During the leadership race of the New Democratic Party of Canada, there was a great deal of racism directed towards the man that eventually won, Jagmeet Singh. You wouldn’t know it from the way it was covered, though. Jennifer Bush and her heckling were what got the attention of the general public, something that the general public could decry. That was the story that got international attention. But that wasn’t remotely the only racism Singh’s campaign dealt with. Continue reading “Exclusion and Covert Racism: Canada’s Relationship With Minorities”
I am not a Republican. I am ideologically liberal. I am not a Trump supporter. I didn’t vote for him, and I find the overwhelming majority of his views, positions, and actions abhorrent. But I’m not a Democrat, either, and a lot of what I’ve seen over the course of the past few weeks, months, has made me wonder about the state of our ethics in this country.
Perhaps this is a cynical perspective on life, but right now, I can’t help but wonder if the main, if not the only, reason for the outcry of opposition and protest we’re seeing right now is that Trump presents himself like a cartoon villain. He’s so easy to mock, and he’s so easy to object to him, that people do it now because it’s so clear, and not so much because they really care about the issues they profess to.
Obama’s drone strikes, mass deportations, expansion of the surveillance state, extra-judicial killings of American citizens – these things all absolutely merited a response. They were all undeniably unethical. But he was presidential and articulate and capable of expressing compassion and most importantly, a Democrat, so Democrats – the people that are supposed to care about these issues – didn’t criticize him even close to enough. The ACLU challenged him multiple times, but the contrast between how much attention/money they’re getting right now and how much they got during the Obama administration is extremely stark. Of course the attention and donations are good things – they’re doing very valuable work – but it seems to add up to people willing to ignore unethical governmental actions and civil rights violations until they’re so blatant it’s impossible to pretend they aren’t there.
The US has a long history of causing instability throughout the world, then avoiding accepting any responsibility for it. This includes both Democratic and Republican administrations. On non-domestic issues, the Democrats really don’t have much of a leg to stand on. But partisanship in this country has gotten out of control. It goes beyond politicians from one party opposing actions, bills, nominees from the other for no reason other than that it’s something coming from the other party. It’s at the point where criticizing a member of one’s own party is considered an attack on unity, traitorous, a sign that you’re siding with the other.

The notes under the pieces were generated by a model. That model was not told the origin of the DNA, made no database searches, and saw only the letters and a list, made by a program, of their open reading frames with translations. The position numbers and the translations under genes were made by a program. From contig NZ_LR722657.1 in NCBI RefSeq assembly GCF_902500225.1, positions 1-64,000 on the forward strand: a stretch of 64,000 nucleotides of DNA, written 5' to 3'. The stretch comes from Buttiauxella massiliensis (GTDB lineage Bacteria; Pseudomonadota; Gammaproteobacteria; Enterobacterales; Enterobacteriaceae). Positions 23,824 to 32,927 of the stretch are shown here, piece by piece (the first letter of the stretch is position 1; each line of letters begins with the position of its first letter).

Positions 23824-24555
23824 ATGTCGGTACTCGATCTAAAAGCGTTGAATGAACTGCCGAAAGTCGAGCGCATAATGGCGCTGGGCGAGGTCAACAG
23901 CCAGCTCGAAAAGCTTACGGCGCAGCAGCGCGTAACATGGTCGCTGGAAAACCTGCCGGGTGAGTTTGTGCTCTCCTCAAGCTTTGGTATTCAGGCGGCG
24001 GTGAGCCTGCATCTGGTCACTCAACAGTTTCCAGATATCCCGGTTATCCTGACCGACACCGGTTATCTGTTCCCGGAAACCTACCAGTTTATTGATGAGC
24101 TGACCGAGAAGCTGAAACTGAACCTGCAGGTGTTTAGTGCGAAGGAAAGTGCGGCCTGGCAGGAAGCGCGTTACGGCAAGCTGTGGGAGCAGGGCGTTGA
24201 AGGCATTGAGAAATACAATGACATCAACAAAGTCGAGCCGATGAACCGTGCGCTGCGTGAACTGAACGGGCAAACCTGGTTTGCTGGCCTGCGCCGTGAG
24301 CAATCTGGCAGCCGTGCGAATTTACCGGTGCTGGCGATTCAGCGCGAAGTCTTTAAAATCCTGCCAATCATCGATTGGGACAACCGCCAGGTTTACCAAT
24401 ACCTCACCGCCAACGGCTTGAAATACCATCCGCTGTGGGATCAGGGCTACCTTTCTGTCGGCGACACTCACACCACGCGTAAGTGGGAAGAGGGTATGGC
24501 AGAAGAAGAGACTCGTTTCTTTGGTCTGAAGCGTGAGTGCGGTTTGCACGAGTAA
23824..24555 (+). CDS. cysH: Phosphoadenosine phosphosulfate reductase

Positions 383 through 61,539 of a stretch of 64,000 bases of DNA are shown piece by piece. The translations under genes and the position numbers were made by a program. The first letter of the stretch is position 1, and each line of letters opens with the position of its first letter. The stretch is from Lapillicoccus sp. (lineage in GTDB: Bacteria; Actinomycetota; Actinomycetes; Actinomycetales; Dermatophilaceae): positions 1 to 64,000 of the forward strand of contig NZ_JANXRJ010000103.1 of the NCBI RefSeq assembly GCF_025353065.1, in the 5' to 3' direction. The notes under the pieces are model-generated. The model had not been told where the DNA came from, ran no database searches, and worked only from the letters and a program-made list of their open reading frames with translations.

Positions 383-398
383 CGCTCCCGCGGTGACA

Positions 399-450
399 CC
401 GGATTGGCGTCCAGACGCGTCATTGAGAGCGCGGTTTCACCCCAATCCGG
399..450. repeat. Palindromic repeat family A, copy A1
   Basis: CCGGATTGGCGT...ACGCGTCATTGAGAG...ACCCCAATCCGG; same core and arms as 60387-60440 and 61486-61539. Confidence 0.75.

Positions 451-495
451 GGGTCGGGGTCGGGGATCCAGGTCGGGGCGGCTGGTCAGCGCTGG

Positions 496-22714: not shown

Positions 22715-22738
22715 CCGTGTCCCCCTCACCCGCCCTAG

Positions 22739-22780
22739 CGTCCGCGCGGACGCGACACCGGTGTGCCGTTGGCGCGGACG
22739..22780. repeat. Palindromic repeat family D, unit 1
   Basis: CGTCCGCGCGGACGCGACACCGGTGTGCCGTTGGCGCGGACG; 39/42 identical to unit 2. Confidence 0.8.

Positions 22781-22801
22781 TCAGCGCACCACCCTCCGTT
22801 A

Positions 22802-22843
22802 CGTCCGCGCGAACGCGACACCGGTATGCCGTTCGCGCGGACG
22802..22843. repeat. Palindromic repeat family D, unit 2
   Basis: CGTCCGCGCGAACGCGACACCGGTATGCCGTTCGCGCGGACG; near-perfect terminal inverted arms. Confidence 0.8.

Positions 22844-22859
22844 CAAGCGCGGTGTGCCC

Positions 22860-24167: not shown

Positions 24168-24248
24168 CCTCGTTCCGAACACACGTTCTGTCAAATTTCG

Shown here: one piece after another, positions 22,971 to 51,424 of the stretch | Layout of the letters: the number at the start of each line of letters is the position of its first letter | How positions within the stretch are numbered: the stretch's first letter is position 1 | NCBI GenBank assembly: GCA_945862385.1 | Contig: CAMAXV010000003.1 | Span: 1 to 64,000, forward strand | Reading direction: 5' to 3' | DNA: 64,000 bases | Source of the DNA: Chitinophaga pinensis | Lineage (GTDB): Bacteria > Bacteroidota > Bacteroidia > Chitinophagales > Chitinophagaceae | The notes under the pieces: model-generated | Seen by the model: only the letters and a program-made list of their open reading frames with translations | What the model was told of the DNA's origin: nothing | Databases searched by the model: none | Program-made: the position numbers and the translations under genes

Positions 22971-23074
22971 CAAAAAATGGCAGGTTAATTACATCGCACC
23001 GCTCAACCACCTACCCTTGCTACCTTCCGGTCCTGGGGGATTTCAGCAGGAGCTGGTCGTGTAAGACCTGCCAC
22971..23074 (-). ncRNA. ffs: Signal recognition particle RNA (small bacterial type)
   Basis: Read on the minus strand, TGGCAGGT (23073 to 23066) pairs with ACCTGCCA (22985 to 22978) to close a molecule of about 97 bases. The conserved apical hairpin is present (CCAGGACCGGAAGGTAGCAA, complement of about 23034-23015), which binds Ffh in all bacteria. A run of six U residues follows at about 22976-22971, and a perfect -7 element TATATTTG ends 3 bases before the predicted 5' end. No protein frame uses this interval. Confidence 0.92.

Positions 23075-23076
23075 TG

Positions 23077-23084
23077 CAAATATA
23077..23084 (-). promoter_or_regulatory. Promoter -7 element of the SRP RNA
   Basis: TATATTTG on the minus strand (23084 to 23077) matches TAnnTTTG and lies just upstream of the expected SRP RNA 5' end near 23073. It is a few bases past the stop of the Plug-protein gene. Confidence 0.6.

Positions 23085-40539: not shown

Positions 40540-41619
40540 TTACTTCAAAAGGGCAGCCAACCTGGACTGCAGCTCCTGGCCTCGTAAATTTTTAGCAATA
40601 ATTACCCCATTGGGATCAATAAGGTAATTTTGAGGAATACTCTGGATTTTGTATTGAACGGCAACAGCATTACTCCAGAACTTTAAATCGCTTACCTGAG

Something that comes to mind right now is the accusations that flew around a while ago toward people like Glenn Greenwald and Shaun King – that they were “Kremlin stooges” for things like criticizing members of the Democratic Party and pointing out that it’s probably not a good idea to repeat information disseminated by the CIA uncritically. They don’t support the Democrats unquestioningly, so they’re clearly responsible for the Trump victory. One or the other. It can’t possibly be neither. All of this has resulted in a situation where I can’t trust any politician to stand up for what’s right. It seems that to most, morality only matters when the immoral action is coming from the opposing party, because party loyalty comes first.
I’ve seen similar issues when it comes to Canadian politics. I tend to support the NDP over the Liberals, but I was still very happy when the Liberals won a majority in 2015, because it meant an end to the near decade of conservatism. I frequently object to the actions of the LPC, but whenever I do that, people tell me I should be happier that the Conservatives aren’t still in power because Trudeau is much better than Harper. Is that true? In some ways, sure. In a lot of other ways, not so much.
I’m not saying it’s bad to protest Trump. Of course I’m not. I think it’s absolutely right to. But I think it’s also important to consider why the public outcry is nowhere near the level we’re seeing when it comes to anyone else.